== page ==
The proposed settlement is heralded by some as a major victory, supposedly securing $100 million for the state to use for coastal restoration. In reality, the proposed settlement, if adopted, would yield nowhere near $100 million and divert much of the money it did raise to unrelated government spending. Two key flaws undermine the settlement’s...View Report
With the advent of unconventional drilling methods, the global energy balance is shifting, and the U.S. could soon find itself at the top of list of the world’s oil and gas producing countries.
A new study by the Louisiana Workforce Commission suggests that Louisiana will see a surge in green jobs in the next 10 years.
The government’s track record would lead many to believe that it is incapable of efficiently permitting millions of new wells that will be drilled and hydraulically fractured in the coming decades.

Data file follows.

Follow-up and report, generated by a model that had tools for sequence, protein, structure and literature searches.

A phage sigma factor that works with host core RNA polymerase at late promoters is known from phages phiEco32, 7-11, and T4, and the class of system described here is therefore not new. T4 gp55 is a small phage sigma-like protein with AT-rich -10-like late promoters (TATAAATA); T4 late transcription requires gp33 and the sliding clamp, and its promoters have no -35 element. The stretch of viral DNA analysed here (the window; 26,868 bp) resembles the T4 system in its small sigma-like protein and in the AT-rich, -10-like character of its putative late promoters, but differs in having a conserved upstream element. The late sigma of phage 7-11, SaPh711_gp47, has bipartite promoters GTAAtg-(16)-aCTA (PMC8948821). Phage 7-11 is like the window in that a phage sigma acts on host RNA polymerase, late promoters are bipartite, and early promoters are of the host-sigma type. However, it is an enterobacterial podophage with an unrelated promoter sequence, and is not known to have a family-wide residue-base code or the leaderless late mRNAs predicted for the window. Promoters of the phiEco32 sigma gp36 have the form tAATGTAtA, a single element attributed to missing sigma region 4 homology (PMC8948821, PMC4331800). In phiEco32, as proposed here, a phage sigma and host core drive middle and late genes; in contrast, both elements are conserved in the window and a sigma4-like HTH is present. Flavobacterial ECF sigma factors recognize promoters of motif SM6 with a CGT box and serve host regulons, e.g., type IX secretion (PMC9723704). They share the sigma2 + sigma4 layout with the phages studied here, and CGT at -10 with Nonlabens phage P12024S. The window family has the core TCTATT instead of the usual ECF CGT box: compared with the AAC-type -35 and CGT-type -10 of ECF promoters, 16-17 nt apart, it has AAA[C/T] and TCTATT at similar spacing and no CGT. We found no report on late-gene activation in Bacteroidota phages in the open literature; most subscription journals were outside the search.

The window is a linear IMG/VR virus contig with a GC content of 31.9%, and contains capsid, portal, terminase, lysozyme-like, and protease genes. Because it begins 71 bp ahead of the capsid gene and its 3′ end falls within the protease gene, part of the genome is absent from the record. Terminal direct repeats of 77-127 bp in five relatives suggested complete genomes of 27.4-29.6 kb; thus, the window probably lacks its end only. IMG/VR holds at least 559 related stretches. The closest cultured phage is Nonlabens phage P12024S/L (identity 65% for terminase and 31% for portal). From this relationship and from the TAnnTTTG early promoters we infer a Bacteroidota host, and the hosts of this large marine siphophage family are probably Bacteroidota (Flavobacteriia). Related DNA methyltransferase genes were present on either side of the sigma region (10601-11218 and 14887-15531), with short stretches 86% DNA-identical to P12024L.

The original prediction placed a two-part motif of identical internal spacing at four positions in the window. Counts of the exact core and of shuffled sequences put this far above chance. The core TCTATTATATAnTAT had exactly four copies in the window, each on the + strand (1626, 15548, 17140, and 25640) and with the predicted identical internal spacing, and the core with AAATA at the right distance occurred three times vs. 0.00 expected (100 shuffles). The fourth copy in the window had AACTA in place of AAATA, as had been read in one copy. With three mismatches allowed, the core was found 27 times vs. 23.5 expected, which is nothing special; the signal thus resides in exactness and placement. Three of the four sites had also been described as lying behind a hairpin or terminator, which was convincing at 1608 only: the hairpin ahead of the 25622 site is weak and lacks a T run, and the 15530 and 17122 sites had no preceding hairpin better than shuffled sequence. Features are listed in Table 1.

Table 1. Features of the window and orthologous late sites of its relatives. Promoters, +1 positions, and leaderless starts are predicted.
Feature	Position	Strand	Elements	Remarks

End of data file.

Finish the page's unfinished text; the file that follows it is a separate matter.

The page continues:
Don Briggs comments on the Obama Administration's plan to repeal vital tax incentives for oil and gas industry and raise taxes on those making over $250,000 per year.
A proposal backed by Sen. Mary Landrieu (D-LA) would allow Louisiana and other producing states to keep a 37.5 percent share of oil and gas revenues that would otherwise fall into federal coffers.
Conclusive evidence continues to suggest that renewable energy projects and so-called “green” jobs have not lived up to the economic potential that politicians have promised.
The Budget Control Act of 2011 puts Louisiana's oil and gas industry in a vulnerable position.
A year after the drilling ban was ordered, we should ask ourselves some very important questions. What was the purpose of the moratorium and was it necessary?
Don Briggs: It is a simple fact that shale gas resources in the U.S. are real and abundant, and natural gas production in the U.S. is at an all-time high.
Don Briggs of the Louisiana Oil and Gas Association says Louisiana is uniquely positioned to respond to higher gasoline prices and shift to natural gas.